Garbis's order outlined a timetable the system must follow to avoid "most serious consequences." By Monday, for example, the school system must submit a report identifying the number of students in need of special education counseling and other services.
The court order issued last week doesn't mention specific penalties for contempt of court, but they can include jail time or fines.
On Wednesday, Governor Robert Ehrlich expressed outrage at the mounting legal fees over the lawsuit. But school board chairman Brian Morris said politicians were "grandstanding" over the issue.
"We're not going to run this school system based on some politicians' polling data," Morris said.
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Officials at city schools appeal special ed order
U.S. judge had given state control over eight departments in system
By Sara Neufeld, Baltimore Sun Staff, September 13, 2005
Baltimore school system officials appealed yesterday a federal judge's order giving the state control over a significant portion of the system's operations because of its failings in special education.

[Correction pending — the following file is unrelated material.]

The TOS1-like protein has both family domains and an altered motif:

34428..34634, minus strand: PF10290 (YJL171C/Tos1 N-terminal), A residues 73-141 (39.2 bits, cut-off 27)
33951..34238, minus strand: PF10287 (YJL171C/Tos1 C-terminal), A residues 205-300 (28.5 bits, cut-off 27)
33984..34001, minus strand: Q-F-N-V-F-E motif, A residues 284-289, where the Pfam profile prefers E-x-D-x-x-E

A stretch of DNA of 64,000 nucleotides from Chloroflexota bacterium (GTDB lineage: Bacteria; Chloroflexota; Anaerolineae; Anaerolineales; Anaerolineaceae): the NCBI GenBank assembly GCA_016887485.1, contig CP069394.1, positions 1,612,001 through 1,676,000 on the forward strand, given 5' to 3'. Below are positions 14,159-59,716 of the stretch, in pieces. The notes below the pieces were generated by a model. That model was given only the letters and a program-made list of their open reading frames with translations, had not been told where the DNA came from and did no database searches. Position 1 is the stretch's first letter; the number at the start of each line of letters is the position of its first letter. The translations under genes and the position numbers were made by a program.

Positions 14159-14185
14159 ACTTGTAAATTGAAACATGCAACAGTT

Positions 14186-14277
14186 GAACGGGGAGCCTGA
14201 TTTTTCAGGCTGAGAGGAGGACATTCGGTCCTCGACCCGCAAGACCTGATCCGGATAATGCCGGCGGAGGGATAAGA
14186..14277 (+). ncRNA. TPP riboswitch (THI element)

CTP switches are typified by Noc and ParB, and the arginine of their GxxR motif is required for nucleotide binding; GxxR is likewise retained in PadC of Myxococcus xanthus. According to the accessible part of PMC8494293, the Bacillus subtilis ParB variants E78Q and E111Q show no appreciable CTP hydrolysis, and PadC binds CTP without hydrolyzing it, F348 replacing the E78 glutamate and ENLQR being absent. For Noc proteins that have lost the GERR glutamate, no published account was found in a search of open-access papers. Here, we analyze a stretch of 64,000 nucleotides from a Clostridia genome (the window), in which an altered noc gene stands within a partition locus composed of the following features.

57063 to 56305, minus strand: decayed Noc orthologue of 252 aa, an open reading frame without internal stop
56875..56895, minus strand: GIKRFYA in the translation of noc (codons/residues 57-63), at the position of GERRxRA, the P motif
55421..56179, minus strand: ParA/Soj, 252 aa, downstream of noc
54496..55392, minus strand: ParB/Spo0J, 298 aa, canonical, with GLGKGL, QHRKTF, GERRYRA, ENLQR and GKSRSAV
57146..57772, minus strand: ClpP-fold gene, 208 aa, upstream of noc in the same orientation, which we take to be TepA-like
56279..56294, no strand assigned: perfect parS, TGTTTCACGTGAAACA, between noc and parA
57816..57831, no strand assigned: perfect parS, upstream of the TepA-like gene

The system is appealing the order, filed Aug. 12 by U.S. District Judge Marvin J. Garbis, to the U.S. Court of Appeals for the Fourth Circuit. Garbis authorized the state to send managers to oversee eight school system departments that affect special education, including finance, instruction and human resources.
School board Chairman Brian D. Morris said in a written statement that the system is appealing because of concerns about "the serious if not damaging effects that [Garbis'] order will have on our fiscal standing and the overall operations of the System to provide instruction to all of our students."